Bloomberg announced recently that industrial and renewable powerhouse Germany is planning on spending a whopping $263 billion (£167 billion), or 8% of their 2011 GDP, on an audacious energy transition involving low-carbon solutions and paving a way towards a greener future. The report did not state specific timescales or proposed plan implementation, but set goals of 35% renewable by 2030, and 80% by 2050, mentioning some of the ways Angela Merkel is hoping to achieve this huge goal.
In short, an area of offshore wind farms six times the size of New York City, amounting to 5,000 individual turbines are to be built, providing 25,000MW of energy, alongside enough power lines to stretch from ‘London to Baghdad’, as well as major grid upgrades and extensions. Presumably solar will also play a major part in the process, although this was not specifically seen in the report, but when you consider the monumental growth and investment in the sector in recent months, in most part down to the highly successful feed-in-tariff implemented, it would seem foolish to omit it.
This seemingly insurmountable plan is a direct response to the closure of 17 nuclear reactors across the nation as post-Fukushima fears and public unrest spread around the world, shutting down multiple country’s producing capabilities and forcing a rethink. Considering atom-splitting provided over 20% of Germany’s energy, Merkel has had to come up with a radical and extremely risky transition plan to overcome the inevitable energy shortages and emission increases.
The unfortunate reality is, that if this plan fails, then the country will be not only be in huge debt, but left with a chunk of it’s energy capacity taken out; but if the plan succeeds, Germany will become both the leading argument for green being done right and being completely possible, as well as ploughing millions into the industry, creating jobs left right and centre.
“Germany is like a big energy laboratory” - Stephan Reimelt of GE Germany
Despite this high-risk strategy, Germany is probably best placed to be beginning this process, as renewables already provide a healthy proportion of energy and the governments coffers hold enough money to go ahead without crippling fear of bankrupt or default. Combine this with Angela Merkel’s seemingly intense desire to install and incentivise solar and wind across the nation, it’s inspiring to see someone finally take the lead on this issue and actually put forward a potentially powerful solution.
It is also heart-warming to note that two of the biggest energy providers, E-ON and RWE, are following suit, ploughing cash into renewable projects and aiming to aid the government in its plans to reinvent Germany as green central. Despite the potential for major losses in profits if things don’t go to plan, both companies are supporting the transition, likely in part due to the fear of even bigger losses if nuclear gaps aren’t filled, and the apparent realisation that this “can be successful” and not just “because it’s nice”. In other words, they see big rewards if this technology comes to fruition, and would not miss out on what is probably their best chance of making a difference to the renewable world, and their margins.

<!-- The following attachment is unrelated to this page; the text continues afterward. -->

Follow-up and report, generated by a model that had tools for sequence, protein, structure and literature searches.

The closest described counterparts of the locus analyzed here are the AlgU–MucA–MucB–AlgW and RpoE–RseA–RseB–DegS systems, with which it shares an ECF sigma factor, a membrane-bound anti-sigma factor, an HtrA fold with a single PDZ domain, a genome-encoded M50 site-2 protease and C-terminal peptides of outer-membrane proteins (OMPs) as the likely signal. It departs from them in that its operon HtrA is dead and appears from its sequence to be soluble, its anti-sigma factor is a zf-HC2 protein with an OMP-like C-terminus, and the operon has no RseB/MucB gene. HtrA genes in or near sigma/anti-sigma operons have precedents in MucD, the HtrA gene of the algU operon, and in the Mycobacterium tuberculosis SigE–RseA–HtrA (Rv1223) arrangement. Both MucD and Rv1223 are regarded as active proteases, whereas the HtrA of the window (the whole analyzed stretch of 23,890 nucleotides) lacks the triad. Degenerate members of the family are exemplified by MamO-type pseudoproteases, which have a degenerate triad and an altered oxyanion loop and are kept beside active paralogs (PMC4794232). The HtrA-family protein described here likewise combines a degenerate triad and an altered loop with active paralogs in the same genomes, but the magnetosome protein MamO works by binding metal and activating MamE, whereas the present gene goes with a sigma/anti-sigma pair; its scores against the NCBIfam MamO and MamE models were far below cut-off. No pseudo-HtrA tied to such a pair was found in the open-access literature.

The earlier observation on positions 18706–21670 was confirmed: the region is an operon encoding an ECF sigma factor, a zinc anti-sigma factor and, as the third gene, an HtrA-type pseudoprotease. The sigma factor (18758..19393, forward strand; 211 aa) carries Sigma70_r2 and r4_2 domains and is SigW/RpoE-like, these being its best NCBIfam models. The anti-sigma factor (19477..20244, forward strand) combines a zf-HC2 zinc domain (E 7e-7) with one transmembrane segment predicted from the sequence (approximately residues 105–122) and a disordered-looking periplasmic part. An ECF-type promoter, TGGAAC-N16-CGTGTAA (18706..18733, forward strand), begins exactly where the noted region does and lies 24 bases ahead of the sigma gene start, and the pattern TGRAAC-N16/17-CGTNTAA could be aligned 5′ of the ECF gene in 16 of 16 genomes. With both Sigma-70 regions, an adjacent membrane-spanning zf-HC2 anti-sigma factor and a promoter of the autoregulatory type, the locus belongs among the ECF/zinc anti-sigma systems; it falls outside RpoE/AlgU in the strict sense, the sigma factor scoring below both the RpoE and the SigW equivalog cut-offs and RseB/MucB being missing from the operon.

Unfortunately, the hurdles needed to be jumped are daunting. 5,000 turbines is an unheard of number for a single-country wind farm, and the technical issues behind constructing new transmission lines to handle the juice are large to say the least. Even now, areas such as the Czech Republic are complaining that German wind farms are overloading their systems at peak hours of discharge, and adding more to this mix will requite intense planning and rigorous overseeing. As renewables are inherently unpredictable, they may leave the country dwindling in electricity at one point, only to overload the grid the next.
However this a poor view to take, as even now, on a sunny day, Germany produces more power than actually needed, and is actively exporting it to France. If grids can be updated, a problem I’m assuming accounted for in the plan, then an extra 5,000 turbines should be easily handled, and Germany will reap the rewards of surplus energy which can be exported to fledgling nations.
Furthermore, Spain, Sweden, Austria and Slovenia have all stated targets which intend to beat Germany’s own, facilitated greatly by their hydroelectric capabilities, providing a large portion of energy ready to be bolstered by wind and solar. If Germany, whilst building it’s own energy future can inspire others to actively compete and outdo themselves, maybe it will be enough to catch the attention of the big polluters such as the US and China and show them how it could be done.
After all, wouldn’t it be fantastic to progress into a world where countries fight over who has the most wind turbines, solar panels or ambitious targets for renewable energy production, rather than over shale gas deposits or oil imports. That sounds to me like the only real way we can make this attractive to those ignoring the problem.
Sources - http://www.bloomberg.com/news/2012-03-19/germany-s-270-billion-renewables-shift-biggest-since-war.html